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Starbucks Corporation (SBUX), Whole Foods Market, Inc. (WFM), The Home Depot, Inc. (HD): How Culture Can Drive Returns

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A company’s culture is a key factor for consumers and investors alike. While consumers often go bargain hunting, they are also inclined to shop for satisfying buying experiences. Also, investors should buy shares of companies which they know and like that also provide goods and services that they understand. Think of this as a “Buffett for Dummies” approach to investing. Investors ultimately make decisions based on a company’s financial strength; and this, as well as the culture, is determined by sound leadership.

Culture means leadership in social responsibility

A company’s success and its culture are determined by its leadership; the Board of Directors, corporate executives, and senior management. A company’s human resources also reflect its business culture.

A key value to consider when buying into a culture is how a company treats its employees and its customers, and this is often an ethical consideration. One way for consumers and investors to find companies with these values is to seek out socially responsible companies. Despite the lingering pessimism about investing since the 2008 financial tsunami, investors have returned to the markets, and some investors are paying more attention to business ethics.

There are socially responsible companies worth considering which are profitable and aspire to higher ethical standards. These include outfits like Starbucks Corporation (NASDAQ:SBUX)Whole Foods Market, Inc. (NASDAQ:WFM) and even the home improvement retail chain The Home Depot, Inc. (NYSE:HD).

Starbucks Corporation (NASDAQ:SBUX)

Starbucks’ quality coffee culture

Starbucks Corporation (NASDAQ:SBUX) has made its cultural brew (so to speak) by connecting its business model to its societal role in the global village; it does business in 60 countries. The company has gained market share because of its culture as well as its quality coffee products. The outfit buys coffee beans from small farmers above market rates while supporting sustainable agriculture in the third world.

Starbucks Corporation (NASDAQ:SBUX)’ culture of quality is also reflected in how its workers are treated. In fact, all Starbucks employees are offered health insurance (although it remains to be seen if Obamacare will change this policy).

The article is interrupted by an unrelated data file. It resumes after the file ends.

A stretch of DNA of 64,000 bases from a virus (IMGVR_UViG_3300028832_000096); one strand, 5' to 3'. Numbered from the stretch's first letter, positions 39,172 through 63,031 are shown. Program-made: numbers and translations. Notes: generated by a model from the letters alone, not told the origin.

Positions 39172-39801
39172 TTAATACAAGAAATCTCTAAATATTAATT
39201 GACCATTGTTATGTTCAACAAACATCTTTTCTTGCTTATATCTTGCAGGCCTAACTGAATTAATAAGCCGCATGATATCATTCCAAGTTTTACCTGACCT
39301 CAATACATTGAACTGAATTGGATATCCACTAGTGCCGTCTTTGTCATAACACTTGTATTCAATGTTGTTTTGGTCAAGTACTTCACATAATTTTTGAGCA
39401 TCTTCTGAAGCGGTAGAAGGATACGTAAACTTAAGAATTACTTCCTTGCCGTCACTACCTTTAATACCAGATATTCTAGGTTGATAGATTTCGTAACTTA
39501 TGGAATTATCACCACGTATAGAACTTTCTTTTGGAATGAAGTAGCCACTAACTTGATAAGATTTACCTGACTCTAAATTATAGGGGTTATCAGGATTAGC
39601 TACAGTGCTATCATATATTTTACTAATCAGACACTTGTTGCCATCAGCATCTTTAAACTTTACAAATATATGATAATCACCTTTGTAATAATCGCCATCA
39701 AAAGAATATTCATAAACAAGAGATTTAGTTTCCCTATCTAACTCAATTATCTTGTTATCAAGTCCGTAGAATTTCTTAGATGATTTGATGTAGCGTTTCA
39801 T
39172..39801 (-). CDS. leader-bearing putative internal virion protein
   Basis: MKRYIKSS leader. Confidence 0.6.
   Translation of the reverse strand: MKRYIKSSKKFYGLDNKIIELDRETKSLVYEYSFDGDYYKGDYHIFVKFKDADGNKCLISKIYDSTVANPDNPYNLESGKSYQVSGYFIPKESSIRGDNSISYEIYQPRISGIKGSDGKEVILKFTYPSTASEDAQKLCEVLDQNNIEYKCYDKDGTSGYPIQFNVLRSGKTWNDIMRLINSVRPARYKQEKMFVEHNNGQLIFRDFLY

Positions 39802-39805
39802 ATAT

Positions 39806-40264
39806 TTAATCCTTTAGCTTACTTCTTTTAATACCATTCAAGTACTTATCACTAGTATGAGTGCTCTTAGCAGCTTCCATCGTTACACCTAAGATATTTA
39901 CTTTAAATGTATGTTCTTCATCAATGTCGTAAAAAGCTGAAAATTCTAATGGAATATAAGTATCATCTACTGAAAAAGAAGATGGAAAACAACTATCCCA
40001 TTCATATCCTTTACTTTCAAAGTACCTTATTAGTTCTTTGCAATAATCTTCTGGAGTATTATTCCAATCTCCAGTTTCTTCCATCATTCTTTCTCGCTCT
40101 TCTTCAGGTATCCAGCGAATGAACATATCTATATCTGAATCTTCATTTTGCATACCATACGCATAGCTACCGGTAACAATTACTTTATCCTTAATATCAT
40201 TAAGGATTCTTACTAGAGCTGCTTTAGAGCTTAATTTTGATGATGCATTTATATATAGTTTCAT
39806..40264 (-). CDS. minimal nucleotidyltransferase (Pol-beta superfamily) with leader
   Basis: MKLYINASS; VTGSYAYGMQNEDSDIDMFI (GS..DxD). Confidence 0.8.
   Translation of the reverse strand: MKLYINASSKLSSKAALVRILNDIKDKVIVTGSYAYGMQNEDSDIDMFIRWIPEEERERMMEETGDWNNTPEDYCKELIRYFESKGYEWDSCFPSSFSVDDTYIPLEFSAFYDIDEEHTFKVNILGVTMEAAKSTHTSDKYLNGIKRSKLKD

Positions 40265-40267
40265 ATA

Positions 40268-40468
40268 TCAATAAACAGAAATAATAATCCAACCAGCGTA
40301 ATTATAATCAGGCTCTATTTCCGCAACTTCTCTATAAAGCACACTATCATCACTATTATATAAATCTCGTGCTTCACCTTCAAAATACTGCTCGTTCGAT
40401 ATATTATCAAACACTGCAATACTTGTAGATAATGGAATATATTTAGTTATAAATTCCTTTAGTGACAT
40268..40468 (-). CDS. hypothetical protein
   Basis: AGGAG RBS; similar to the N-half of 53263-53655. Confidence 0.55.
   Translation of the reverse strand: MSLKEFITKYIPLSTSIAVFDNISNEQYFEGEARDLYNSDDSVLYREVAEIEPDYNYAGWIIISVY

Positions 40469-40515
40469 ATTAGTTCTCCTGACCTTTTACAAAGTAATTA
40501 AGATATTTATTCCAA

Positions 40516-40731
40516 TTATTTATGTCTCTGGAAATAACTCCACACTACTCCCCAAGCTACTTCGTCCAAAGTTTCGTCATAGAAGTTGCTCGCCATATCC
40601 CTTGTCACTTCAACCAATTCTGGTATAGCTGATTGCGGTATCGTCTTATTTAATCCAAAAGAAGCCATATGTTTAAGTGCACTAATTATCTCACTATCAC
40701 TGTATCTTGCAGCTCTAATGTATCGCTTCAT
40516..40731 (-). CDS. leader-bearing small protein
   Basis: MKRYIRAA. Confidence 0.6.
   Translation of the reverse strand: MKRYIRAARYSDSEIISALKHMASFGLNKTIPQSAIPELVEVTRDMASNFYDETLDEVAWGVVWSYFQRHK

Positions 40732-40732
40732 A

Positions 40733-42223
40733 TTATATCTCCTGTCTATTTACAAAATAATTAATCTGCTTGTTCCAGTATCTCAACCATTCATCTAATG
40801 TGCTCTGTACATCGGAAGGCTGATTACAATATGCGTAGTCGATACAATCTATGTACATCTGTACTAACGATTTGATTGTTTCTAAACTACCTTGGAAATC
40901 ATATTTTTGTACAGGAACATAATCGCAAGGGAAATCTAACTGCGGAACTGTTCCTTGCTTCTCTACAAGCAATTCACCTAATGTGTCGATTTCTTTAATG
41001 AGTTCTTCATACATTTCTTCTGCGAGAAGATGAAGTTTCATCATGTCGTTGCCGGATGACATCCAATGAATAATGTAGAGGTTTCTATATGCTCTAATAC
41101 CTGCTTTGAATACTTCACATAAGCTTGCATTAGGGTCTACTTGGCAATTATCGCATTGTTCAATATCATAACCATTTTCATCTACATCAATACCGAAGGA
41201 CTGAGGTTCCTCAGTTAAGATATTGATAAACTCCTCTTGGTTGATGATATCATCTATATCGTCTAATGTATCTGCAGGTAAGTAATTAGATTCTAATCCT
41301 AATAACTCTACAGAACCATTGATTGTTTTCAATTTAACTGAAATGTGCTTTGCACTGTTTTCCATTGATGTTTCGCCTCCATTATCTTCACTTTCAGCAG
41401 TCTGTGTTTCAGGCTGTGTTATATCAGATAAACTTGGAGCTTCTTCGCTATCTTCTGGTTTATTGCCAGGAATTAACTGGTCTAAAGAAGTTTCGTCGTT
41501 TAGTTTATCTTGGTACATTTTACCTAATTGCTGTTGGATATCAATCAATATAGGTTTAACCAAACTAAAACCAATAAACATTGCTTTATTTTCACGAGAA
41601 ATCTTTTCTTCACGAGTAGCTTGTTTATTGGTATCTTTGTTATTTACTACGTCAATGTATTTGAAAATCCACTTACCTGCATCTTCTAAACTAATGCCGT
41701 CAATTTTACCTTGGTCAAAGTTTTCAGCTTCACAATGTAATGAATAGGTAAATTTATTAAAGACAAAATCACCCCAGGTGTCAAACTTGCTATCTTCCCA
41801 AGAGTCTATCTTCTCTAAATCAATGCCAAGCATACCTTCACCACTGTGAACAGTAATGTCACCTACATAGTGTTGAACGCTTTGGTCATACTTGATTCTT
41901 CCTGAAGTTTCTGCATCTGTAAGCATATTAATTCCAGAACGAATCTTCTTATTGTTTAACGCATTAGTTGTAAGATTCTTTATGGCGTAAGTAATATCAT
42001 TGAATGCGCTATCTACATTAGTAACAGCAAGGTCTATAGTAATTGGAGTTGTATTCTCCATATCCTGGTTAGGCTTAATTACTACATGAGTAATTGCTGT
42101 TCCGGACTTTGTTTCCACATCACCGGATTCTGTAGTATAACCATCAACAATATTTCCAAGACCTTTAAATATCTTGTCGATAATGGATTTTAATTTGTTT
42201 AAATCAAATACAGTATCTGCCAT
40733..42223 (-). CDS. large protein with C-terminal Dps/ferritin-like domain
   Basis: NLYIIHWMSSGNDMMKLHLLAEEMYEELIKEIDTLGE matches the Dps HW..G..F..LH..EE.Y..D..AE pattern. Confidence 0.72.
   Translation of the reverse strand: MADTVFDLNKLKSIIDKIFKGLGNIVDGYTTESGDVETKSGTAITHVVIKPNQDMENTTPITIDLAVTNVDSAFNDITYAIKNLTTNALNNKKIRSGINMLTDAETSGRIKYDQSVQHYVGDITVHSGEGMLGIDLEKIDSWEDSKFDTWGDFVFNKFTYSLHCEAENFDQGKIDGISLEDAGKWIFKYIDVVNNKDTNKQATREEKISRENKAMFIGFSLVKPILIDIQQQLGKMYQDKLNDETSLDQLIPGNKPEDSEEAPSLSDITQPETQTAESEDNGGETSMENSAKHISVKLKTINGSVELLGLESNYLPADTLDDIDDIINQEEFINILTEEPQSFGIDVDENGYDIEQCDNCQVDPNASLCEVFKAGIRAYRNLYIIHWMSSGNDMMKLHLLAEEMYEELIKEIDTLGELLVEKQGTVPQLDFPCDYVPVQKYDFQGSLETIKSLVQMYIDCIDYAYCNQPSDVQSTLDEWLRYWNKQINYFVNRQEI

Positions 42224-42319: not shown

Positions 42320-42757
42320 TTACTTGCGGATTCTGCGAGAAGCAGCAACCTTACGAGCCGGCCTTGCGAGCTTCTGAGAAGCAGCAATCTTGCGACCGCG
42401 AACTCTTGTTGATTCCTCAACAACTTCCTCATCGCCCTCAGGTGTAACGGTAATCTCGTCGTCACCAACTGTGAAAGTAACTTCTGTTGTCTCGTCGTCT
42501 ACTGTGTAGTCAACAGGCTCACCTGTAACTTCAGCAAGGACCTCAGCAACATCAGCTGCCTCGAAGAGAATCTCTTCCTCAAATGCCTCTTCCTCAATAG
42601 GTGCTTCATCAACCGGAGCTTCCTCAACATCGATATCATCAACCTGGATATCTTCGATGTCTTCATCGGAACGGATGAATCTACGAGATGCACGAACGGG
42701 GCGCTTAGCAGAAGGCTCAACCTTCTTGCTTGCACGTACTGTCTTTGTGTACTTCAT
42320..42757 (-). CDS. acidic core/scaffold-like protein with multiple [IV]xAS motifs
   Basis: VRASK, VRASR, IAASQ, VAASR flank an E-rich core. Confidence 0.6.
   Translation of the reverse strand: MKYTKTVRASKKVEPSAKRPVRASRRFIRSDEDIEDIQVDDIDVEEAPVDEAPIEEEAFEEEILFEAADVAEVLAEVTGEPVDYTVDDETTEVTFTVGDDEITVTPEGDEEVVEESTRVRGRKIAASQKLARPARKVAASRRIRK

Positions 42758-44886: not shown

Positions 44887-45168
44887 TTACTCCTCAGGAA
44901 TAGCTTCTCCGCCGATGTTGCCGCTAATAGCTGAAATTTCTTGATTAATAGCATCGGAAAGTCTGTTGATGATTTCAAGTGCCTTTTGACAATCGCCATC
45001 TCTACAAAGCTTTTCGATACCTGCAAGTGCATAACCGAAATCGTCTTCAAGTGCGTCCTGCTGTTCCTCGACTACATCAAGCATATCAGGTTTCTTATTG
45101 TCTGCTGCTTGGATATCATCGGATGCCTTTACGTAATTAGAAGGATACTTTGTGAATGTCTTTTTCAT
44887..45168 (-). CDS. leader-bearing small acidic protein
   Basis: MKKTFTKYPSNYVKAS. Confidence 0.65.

As for business performance, in the third quarter Starbucks Corporation (NASDAQ:SBUX) reported that its net revenue increased 13% to $3.7 billion while global store sales grew 8%. Margins are also improving – up by about 150 basis points to 16.4%. Moreover, earnings-per-share were 55 cents-a fresh brewed increase of 28% compared to the same quarter in 2012.

Ultimately, Starbucks Corporation (NASDAQ:SBUX)’ future growth depends on factors like expanding its “ready to drink” product in the domestic retail sector and growing its brand in China with this line. Also, the company’s acquisition of San-Francisco based La Boulange has been a successful venture thus far, so the prospects for its continued profits are good.

Whole Foods is a peaceful culture warrior

Whole Foods Market, Inc. (NASDAQ:WFM) operates a chain of natural and organic foods supermarkets. The organic grocery leader supports sustainable agriculture and reducing waste and consumption of nonrenewable resources. The food chain also encourages environmentally sound programs with its Whole Planet Foundation which seeks to alleviate poverty in rural communities worldwide.

The company reported third quarter results in May which included completing a two-for-one stock split. This good news was coupled with a 20.3% increase in diluted earnings per share to 38 cents. The earnings growth, in turn, was due to a 12.1% increase in sales; average weekly sales increased to approximately $728,000.

Whole Foods Market, Inc. (NASDAQ:WFM) also produced about $228 million in cash flows from operations and invested roughly $113 million in capital expenditures-$69 million to open new stores. Moreover, the company paid cash dividends to common shareholders in the neighborhood of $37 million while repurchasing $25 million of its common stock. Finally, Whole Foods raised its fiscal year 2013 earnings-per-share range to $1.45 to 1.46. These excellent results obviously mean that Whole Foods Market, Inc. (NASDAQ:WFM) remains on a clear path to prosperity.

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